Predator 2 is a gem of a film, and don’t let anyone ever try and convince you otherwise. It’s just so different and so much crazier than the first that I think people had a knee jerk ‘wtf’ reaction and panned it. It’s tough to top the sheer bombastic overdrive of the first one, which is considered a classic, but if anything the sequel switched the nitrous dial past maximum and blasts off into the stratosphere of excessive R rated chaos, an impressive feat. It also switches settings, from the sweaty jungles of South America to the equally sweaty and opulent grime of the urban jungle, namely Los Angeles of the future, bursting at the seams with so many over the top criminals and hectic, delirious violence that by the time the Predators show up they not only fit in, but seem relatively sane compared to everyone else. Seriously, every human character in this film is a coked up tornado of cartoonish energy and brashness it’s hard to keep up unless you’ve hoovered up a few rails yourself prior to sitting down and popping in the blu ray (the blu ray of this is wicked by the way, gorgeous transfer). So get this: Danny Glover, before he got too old for this shit, basically serves as a renegade SuperCop in this hellhole of a metropolis, waging all out war on loads of feral gang members and degenerates, constantly leaned on by the obligatory pain in the ass of a police commissioner (Robert Davi, god bless his republican ass) and backed up by a team of state of the art badasses, including Aliens’s Bill Paxton, who gets all the best lines and delivers them with the gusto the material deserves. He’s also backed by Ruben Blades and tough girl Maria Conchita Alonso, whose appearance and scenes with Paxton call to mind him and Jannette Goldstein side by side in Aliens, or is that just the fanboy in me having an aneurysm? Together they achieve 80’s action movie squad goals by messily wiping out as much of the criminal faction in the city as they can, including weird Rastafarian crime lord King Willie (Calvin Lockhart, spooky as all hell), until something else comes along. Something they can’t see, hear, or easily empty clips at whilst cheerfully spewing profanity. The predators have branched out, and this time there’s more than one, giving their inherent tactical nature a whole new twist. So who better to take on these extraterrestrial game wardens? Glover of course, who positively froths at the mouth. You know you’re overacting when Gary Busey has to keep up with you, and he does his loony best as some hush hush Fed who has been keeping tabs on the Preds for sometime, and has big notions of taking them down. It’s all in good fun, with jaw dropping, spectacularly brutal set pieces, violence that would not go over well these days (the 80’s didn’t give a fuck, man) and a seriously chaotic vibe humming through the whole breathless ordeal. I’d even be so bold as to say that this is the better of the two Predator films, upon getting all misty eyed and craving a rewatch after writing this. Go ahead, shame, me. It’s just too great of a flick to be as under appreciated as it is. Oh, and watch for a sly cameo from another otherworldly baddie late in the third act.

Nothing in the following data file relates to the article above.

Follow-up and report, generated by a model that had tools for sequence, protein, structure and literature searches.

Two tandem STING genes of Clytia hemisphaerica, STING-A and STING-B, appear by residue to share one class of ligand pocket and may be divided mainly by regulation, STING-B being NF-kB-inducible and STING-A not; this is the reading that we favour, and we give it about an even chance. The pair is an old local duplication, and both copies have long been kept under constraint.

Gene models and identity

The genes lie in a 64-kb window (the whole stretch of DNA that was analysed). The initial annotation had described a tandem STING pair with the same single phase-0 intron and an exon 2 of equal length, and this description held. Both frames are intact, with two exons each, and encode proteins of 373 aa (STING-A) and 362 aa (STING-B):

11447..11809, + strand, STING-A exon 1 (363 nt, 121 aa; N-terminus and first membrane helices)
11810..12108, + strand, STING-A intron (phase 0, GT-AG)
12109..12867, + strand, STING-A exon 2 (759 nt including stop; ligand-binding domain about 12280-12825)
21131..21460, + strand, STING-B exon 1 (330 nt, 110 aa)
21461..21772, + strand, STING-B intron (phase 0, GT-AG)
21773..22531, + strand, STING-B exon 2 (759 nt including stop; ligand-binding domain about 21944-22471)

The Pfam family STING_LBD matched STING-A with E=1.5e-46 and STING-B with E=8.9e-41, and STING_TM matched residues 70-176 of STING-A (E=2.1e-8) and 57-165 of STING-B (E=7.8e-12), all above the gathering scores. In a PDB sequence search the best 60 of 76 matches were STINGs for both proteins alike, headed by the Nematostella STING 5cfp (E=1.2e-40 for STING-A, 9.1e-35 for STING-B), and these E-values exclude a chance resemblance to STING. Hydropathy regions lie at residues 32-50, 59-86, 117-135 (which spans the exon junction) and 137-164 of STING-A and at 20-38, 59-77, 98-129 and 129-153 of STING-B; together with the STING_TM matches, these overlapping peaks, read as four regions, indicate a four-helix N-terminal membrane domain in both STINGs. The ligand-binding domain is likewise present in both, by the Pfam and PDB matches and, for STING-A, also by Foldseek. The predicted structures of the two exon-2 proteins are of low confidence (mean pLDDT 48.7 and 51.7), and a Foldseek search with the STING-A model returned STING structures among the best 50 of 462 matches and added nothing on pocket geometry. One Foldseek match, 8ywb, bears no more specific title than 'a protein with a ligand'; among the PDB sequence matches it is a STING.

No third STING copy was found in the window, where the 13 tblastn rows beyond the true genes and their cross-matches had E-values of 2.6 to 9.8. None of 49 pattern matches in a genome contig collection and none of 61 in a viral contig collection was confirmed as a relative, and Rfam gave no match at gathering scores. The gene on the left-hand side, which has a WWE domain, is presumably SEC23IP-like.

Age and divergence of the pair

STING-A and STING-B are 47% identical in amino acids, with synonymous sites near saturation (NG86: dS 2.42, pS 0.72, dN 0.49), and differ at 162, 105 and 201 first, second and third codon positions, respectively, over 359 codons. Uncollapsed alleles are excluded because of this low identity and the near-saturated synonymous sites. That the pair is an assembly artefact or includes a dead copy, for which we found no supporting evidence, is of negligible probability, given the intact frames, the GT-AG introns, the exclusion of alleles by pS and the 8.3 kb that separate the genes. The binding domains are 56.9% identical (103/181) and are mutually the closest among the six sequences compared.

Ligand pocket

Safe House is cut from the same cloth as many a spy movie, but this horse doesn’t have quite as much piss and vinegar as other ones in the stable, notably the Bourne trilogy. It’s more of a slow burn, peppered with a few purposeful action sequences and quite a lot of time spent with Denzel Washington’s world weary spook Tobin Frost, a veteran operative who has gone severely rogue after escaping the grasp of a nasty CIA interrogator (Robert Patrick). He’s soon in the hands of rookie agent Matt Weston (Ryan Reynolds) who has been left to guard an agency safe house in Europe, now overrun with shadowy special ops dudes out to snuff Frost. The two of them are forced on the run together, and attempt to smoke out those behind the chaos, who turn out to be a little closer to home than they thought (don’t they always, in these types of movies?). Weston is young, naive and idealistic, Frost is bitter, jaded and ready to burn the agency down around him for what his career has made him do. They’re a formulaic pair made believable by the two actors, both putting in admirable work. Brendan Gleeson is great as Westons’s dodgy handler, Vera Farmiga shows moral conflict in those perfect blue eyes as another paper pusher in Langley, and Sam Shepherd smarms it up as the CIA top dog. It was nice to see Ruben Blades as well, who doesn’t work nearly enough, and watch for a sly cameo from Liam Cunningham as an ex MI6 agent. It’s not the greatest or the most memorable film, but it does the trick well enough, has a satisfying R rated edge to its violence and benefits from Washington being nice and rough around the edges. There’s a downbeat quality to it to, as Weston watches the futility inherent in the life of a spy unfold in Frost’s actions, which are leading nowhere but a self inflicted dead for a cause that’s bigger than both of them, but ultimately leaves them in the dust. Solid, if just above average stuff.
I used to own a copy of Richard Rush’s Color Of Night, and I could kick myself in the teeth for ever pawning it in times of financial despair. It’s one of the steamiest, wackiest and most ludicrous erotic thrillers that the 90’s has to offer. I’m not kidding, this one navigates its way to the edge of the map of believability and logic, and with a knowing wink, dives headlong right off the edge of it into realms of sweaty, sexy excess, characters so strange they seem to be from a looney toons episode directed by David Lynch, and a preposterous story that has to be seen to be disbelieved. That’s not to say I don’t like it; I love the hot mess and yearn for a re-watch, just as soon as I track down a dvd. Bruce Willis eases into the erotic tropes with gusto that would make Michael Douglas proud, playing color blind psychiatrist Bill Capa who gets a nerve shake-up when a distraught female patient (Kathleen Wilhouette in a cameo of gushing melodrama) takes a suicidal swan dive out of his forty story office to the NYC streets below. Soon after, he’s tasked with taking over a support group previously run by a colleague (Scott Bakula) who was murdered under mysterious circumstances. The group is populated by several oddball weirdos, one of whom may be the one who offed the good doctor Bakula. There’s tortured ex cop Buck (Lance Henriksen, always welcome and one of the only performers who takes things seriously here), OCD weasel Clark (Brad Dourif) and a host of others, all competing as to who can be the strangest red herring in the proceedings. Capa soon finds himself sexually involved with the impossibly sultry Rose (Jane March). And when I say sexually, I. Mean. Sexually. It’s hard to reach the clawing levels of heightened on-screen copulation that this baby throws at us without slipping into outright parody, and indeed sometimes it feels like we’re watching the 9/12 Weeks spoof scene in Hot Shots Part 1. It helps though, that March is breathtakingly sexy and spends a solid slice of the film absolutely in the nude, and slathered with all kinds of fluids, bodily and other. What doesn’t help? Willis’s grizzly bear fur coat of a torso and the moment where he bears his wee willy winker dinker in naked glory, making sure that anyone who didn’t quite get that image burned into their retinas with a similar scene in Pulp Fiction gets a glorious second chance here. Oh goody. Anyways, between bouts of feral coitus, Willis and March navigate treacherous waters to smoke the killer out and save their skins. They also get bothered by a bumbling detective (vivacious Ruben Blades) that would make Columbo proud. Supporting work is also provided by Kevin J. O Connor, Shirley Knight, Erick Avari, Eric Lasalle and Lesley Ann Warren who add extra incredulity to gild the already silly tone. It’s large. It’s loud. It’s oiled up. It’s a really unbelievable piece of violent eroticism, and despite everything… I loves me some Color Of Night.